10. Get as much free stuff as you can
You will get handed thousands of leaflets, vouchers, badges, keyrings, etc during your student life, mostly during Freshers Fayre. Take all that you can hold and sort it all out later. During my Freshers Fayre, I got Harvester BBQ Sauce, a free Nando’s meal voucher, loads of discounts for various clubs, pubs, shops and restaurants, a free stressball, a free pint glass, two free badges, free entry to a few clubs, free sweets, and a membership card to a gym. Keep an eye out for offers and events on campus. You’ll be skint, so free stuff = win.
11. Make the most out of pre-drinks
Of course, not everyone will be drinking alcohol and you don’t need to drink to have fun, party or make friends, but if you do drink, get drunk during pre-drinks. It saves you money and makes the night more fun. Going to a club sober is a horrific experience.
12. Plan your meals
This is fairly boring, but it does mean you won’t buy too much or too little food for the week. Think about the meals you want to eat for the week and just buy what you need! It saves money and means you won’t be trying to fix up dinner with a cucumber and some beans. Also, make sure that you’re eating fruit and vegetables as well and not just beans on toast and Domino’s.
13. Save the numbers for taxis, doctors and uni maintenance/IT
Taxis are essential to getting home after a night out, unless the clubs are very close to your flat. Having a saved number means you won’t have to worry about finding a taxi on the street. You should be able to register for a local GP on your move-in day, who will probably give you a leaflet with appointment numbers and so on. It’s a good idea to have these saved on your phone just in case. When you move in, it’s likely that there will be a problem in your room, whether it’s setting up the internet or a leaky tap. You’ll be given a welcome pack with this information in, but save it on your phone as well, for the future.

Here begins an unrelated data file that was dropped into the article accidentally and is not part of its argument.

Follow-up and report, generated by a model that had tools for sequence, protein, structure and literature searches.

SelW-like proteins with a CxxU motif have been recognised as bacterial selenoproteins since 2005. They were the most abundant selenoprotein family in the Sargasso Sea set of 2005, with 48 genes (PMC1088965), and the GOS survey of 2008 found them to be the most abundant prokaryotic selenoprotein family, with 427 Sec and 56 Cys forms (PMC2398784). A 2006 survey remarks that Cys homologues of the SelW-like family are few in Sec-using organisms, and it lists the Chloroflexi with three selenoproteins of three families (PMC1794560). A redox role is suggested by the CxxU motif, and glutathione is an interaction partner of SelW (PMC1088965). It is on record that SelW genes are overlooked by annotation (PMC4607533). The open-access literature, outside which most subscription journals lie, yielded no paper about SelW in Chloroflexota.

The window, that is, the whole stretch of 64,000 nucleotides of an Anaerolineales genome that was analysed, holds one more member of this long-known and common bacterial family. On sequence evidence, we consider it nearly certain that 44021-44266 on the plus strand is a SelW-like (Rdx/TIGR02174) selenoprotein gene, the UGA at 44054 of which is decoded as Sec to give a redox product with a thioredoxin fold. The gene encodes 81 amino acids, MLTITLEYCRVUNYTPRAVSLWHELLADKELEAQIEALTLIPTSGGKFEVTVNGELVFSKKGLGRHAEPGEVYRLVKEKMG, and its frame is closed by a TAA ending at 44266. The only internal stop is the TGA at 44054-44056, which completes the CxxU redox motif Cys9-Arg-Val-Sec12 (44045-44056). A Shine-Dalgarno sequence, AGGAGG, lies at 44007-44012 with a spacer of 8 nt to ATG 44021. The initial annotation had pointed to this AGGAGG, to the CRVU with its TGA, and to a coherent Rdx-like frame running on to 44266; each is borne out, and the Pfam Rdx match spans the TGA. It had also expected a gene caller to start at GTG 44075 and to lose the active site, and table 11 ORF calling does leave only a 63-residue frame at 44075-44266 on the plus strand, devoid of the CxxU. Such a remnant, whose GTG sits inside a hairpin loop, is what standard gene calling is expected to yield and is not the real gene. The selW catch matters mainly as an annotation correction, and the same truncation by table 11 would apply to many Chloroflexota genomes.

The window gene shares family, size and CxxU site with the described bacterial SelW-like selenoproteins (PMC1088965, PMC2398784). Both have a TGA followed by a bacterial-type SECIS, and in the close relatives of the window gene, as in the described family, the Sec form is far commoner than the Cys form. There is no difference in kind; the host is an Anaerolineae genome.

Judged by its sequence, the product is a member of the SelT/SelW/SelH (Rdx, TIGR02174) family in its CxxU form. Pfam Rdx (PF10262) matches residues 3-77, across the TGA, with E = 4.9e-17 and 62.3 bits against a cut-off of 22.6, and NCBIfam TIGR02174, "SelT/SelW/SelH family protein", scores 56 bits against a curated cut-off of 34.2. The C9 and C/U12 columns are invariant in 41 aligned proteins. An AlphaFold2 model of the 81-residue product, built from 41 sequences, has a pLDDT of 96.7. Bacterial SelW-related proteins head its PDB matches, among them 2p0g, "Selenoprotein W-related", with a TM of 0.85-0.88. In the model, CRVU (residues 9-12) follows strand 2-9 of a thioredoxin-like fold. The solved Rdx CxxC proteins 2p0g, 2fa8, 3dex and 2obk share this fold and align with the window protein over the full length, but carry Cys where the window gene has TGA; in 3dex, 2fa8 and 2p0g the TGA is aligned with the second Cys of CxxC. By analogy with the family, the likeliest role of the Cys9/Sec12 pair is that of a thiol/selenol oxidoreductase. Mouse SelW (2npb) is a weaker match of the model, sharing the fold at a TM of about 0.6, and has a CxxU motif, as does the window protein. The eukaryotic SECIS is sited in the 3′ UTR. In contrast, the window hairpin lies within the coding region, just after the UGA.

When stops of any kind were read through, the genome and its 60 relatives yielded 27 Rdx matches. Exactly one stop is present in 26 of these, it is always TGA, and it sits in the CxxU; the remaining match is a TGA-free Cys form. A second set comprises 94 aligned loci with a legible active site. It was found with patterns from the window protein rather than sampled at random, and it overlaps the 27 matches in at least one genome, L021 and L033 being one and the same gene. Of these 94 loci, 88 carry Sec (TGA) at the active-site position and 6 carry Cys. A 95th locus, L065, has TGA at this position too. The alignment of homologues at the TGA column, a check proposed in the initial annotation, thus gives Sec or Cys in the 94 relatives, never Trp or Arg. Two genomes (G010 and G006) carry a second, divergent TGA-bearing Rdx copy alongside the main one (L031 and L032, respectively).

14. Don’t let your room/kitchen get too messy or dirty
You should be tidying your room as you go along so it stays neat, especially if you’re going to be leaving your door open. If you have a messy room, it’s more difficult to sleep and you won’t be able to invite guests in. Also, if you have an en-suite, it goes without saying that you should make sure you clean that regularly as well. Because… ew. Keep on top of your washing up (otherwise everyone will hate you) and make sure you tidy up if you make a mess on the hob or sideboards.
15. Be nice! But not TOO nice…
Your flatmates will probably become your besties and the people you’ll want to live with again, so avoid arguments! If you have a problem with something or someone, have a quiet word with them and sort it sooner rather than later and don’t bitch about it to the others. Also, there’s a good chance that you’ll find someone attractive in your flat. My number one rule for living together is DO NOT SLEEP WITH YOUR FLATMATE. It’ll be the most awkward thing ever, for you and for the others.
16. Actually do some studying
First year doesn’t usually actually count towards your degree (I know, it’s annoying if you get a good grade) but do as much studying as possible – you need to set yourself goals and stick to them, even if it’s just practice for next year. It can be hard to study when there’s so much going on and so many people living next to you, but university is about the degree at the end of the day, so make sure you put the effort in.
17. Enjoy yourself
You’ll never have as much freedom at university as you do this year. The grades don’t count, you don’t have to worry about travelling to lectures, there’s so many students in one place and you’ll most likely have weekly cleaners. Get drunk, have fun, kiss strangers, dance all night, eat crap food, and make friends.
If you’re moving into Halls soon, let me know and feel free to ask me anything you want about my experience!